Jun. 22, 2017
Biola University experienced an evening full of the arts on Saturday, February 19, beginning with High Tea at Talbot School of Theology and ending with the conservatory’s last evening performance of their opera, Dialogue of the Carmelites. In between these two events was the official gallery opening of the exhibit Twentieth-Century British Art from the Ahmanson Collection.
Twentieth-Century British Art engaged the Biola University 2011-2012 theme of “Sanctuary & Sacred Space” through exploring the role of Christianity in visual art throughout the 20th century in Great Britain. A major goal of the exhibition is to focus on deepening an understanding of the vital role the visual arts and beauty played in shaping human experience and awareness of the sacred in this landmark century. The exhibition includes major paintings, drawings, prints, and sculpture by some of the most important and beloved 20th century British artists, including Stanley Spencer, Eric Gill, Jacob Epstein, Barbara Hepworth, Edward Burra, and Graham Sutherland.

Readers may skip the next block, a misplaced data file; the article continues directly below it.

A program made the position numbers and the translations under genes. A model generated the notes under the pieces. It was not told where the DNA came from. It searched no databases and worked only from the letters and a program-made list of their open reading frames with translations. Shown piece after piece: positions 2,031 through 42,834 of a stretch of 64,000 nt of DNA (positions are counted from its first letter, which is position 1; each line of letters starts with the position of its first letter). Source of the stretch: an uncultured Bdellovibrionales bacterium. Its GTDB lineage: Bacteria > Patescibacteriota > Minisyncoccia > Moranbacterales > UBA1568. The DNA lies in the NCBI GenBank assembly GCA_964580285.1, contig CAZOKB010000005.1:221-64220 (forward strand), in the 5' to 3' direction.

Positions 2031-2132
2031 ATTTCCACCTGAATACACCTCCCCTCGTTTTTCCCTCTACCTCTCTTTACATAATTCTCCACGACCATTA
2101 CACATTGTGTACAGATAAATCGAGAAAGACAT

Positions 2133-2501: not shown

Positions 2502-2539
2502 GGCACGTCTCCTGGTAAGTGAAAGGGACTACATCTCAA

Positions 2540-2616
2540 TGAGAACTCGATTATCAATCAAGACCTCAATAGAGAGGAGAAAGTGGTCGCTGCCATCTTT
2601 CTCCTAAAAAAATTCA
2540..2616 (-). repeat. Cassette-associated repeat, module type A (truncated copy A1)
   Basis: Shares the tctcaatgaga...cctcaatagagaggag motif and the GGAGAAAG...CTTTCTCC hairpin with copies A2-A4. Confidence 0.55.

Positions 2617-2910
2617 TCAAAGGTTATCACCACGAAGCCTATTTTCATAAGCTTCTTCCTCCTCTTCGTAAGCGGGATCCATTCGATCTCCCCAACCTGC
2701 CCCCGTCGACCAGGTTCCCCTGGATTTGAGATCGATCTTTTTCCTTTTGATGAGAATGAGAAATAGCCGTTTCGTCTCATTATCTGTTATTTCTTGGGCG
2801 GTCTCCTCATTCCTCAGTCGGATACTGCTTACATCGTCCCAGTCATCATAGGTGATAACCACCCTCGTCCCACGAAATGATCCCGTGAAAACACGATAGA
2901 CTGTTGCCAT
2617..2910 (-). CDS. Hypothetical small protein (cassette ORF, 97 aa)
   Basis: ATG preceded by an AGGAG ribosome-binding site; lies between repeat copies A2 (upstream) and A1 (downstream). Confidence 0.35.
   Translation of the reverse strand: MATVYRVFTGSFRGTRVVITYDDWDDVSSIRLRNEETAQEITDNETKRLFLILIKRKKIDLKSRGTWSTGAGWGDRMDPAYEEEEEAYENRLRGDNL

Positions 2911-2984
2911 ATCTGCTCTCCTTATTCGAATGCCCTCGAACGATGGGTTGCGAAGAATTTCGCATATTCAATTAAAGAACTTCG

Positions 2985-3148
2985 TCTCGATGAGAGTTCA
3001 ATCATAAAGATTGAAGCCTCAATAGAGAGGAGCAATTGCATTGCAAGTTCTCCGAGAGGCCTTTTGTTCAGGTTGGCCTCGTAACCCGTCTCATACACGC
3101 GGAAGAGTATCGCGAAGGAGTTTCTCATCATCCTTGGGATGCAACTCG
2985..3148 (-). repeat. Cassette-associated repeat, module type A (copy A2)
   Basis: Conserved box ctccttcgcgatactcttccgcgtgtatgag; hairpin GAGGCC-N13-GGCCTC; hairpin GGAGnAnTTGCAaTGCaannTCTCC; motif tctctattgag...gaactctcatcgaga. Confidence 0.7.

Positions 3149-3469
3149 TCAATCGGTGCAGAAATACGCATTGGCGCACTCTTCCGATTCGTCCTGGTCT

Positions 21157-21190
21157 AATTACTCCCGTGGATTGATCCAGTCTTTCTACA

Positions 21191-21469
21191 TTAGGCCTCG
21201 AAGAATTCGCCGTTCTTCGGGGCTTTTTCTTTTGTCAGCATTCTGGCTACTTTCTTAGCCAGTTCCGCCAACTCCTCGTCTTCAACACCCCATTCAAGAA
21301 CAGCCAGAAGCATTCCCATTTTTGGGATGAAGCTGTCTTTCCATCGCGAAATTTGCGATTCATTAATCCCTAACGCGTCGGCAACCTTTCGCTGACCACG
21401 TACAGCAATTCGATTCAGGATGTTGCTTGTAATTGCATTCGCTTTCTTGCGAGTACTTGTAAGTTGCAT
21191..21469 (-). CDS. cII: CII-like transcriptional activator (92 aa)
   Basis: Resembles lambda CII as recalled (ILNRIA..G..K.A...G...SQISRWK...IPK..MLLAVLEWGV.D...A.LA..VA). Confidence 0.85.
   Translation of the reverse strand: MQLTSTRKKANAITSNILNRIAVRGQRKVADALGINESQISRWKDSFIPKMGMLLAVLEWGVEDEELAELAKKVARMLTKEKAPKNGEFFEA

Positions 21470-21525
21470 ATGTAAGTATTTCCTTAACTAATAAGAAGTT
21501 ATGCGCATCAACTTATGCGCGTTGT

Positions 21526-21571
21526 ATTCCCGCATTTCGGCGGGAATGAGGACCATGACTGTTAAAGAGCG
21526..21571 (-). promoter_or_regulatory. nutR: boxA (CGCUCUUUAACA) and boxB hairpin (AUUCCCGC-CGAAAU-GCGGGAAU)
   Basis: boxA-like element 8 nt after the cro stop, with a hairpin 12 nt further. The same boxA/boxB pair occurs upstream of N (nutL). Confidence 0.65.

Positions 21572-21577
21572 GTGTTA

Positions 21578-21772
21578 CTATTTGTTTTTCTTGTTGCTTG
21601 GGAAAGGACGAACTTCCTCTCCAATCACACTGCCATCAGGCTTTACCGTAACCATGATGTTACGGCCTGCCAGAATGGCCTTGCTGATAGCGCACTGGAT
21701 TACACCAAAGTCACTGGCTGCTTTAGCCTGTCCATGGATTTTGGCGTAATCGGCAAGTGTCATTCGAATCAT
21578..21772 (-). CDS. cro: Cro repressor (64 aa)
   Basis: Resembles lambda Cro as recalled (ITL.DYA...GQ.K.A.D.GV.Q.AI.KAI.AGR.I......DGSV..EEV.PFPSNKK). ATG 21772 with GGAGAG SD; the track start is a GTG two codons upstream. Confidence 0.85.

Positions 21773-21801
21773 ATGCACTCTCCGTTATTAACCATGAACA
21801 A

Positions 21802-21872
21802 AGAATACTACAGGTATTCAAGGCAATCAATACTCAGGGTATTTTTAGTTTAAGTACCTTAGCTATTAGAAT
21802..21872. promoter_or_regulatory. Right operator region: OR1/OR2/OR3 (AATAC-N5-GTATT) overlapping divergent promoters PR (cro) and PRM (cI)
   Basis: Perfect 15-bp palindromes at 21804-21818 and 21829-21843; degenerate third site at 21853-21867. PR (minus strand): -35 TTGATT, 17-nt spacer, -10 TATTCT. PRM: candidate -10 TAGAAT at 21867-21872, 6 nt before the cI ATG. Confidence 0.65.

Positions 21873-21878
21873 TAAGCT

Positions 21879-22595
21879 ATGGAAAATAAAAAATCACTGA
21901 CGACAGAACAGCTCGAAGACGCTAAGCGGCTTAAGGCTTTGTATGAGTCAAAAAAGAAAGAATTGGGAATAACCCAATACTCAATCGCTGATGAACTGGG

Curator Lyrica Taylor, Biola’s Visionary-in-Residence Roberta Ahmanson, Biola President Barry H. Corey, and Biola Assistant Professor of Arts Jonathan Anderson were all featured speakers at the opening. Corey spoke on how the featured collection was a catalyst of “art influencing art” on campus, deliberating on how he had often come across a symphony member playing their instrument in the gallery, inspired by the surrounding artwork.
Ahmanson introduced her collection of work, educating the audience on the time period in which these pieces were created. The emotions of “sorrow and pain” reflect the period in which the art was created, between two wars in the 20th century. Ahmanson noted that she “liked the work because of the sparseness.”
Taylor educated the attendees historically on each of the pieces and their creators. During the time she spent curating the exhibit, she was “fascinated by the mid-century period artwork” and especially that of the featured artist, Stanley Spencer, who had three works in the gallery. The artists featured were from a variety of religious backgrounds, bringing diversity and depth.
At the conclusion of the program, attendees were given the opportunity to tour the gallery and discuss the art pieces over tea in the lounge area. Bon Appétit catered the event with hors d’oeuvres and desserts, as well as a variety of hot teas.
The gallery will be featured until Saturday, March 10.
Written by Ashleigh Fox, Media Relations Intern For more information, contact Jenna Bartlo, Media Relations Coordinator, at 562.777.4061 or at firstname.lastname@example.org
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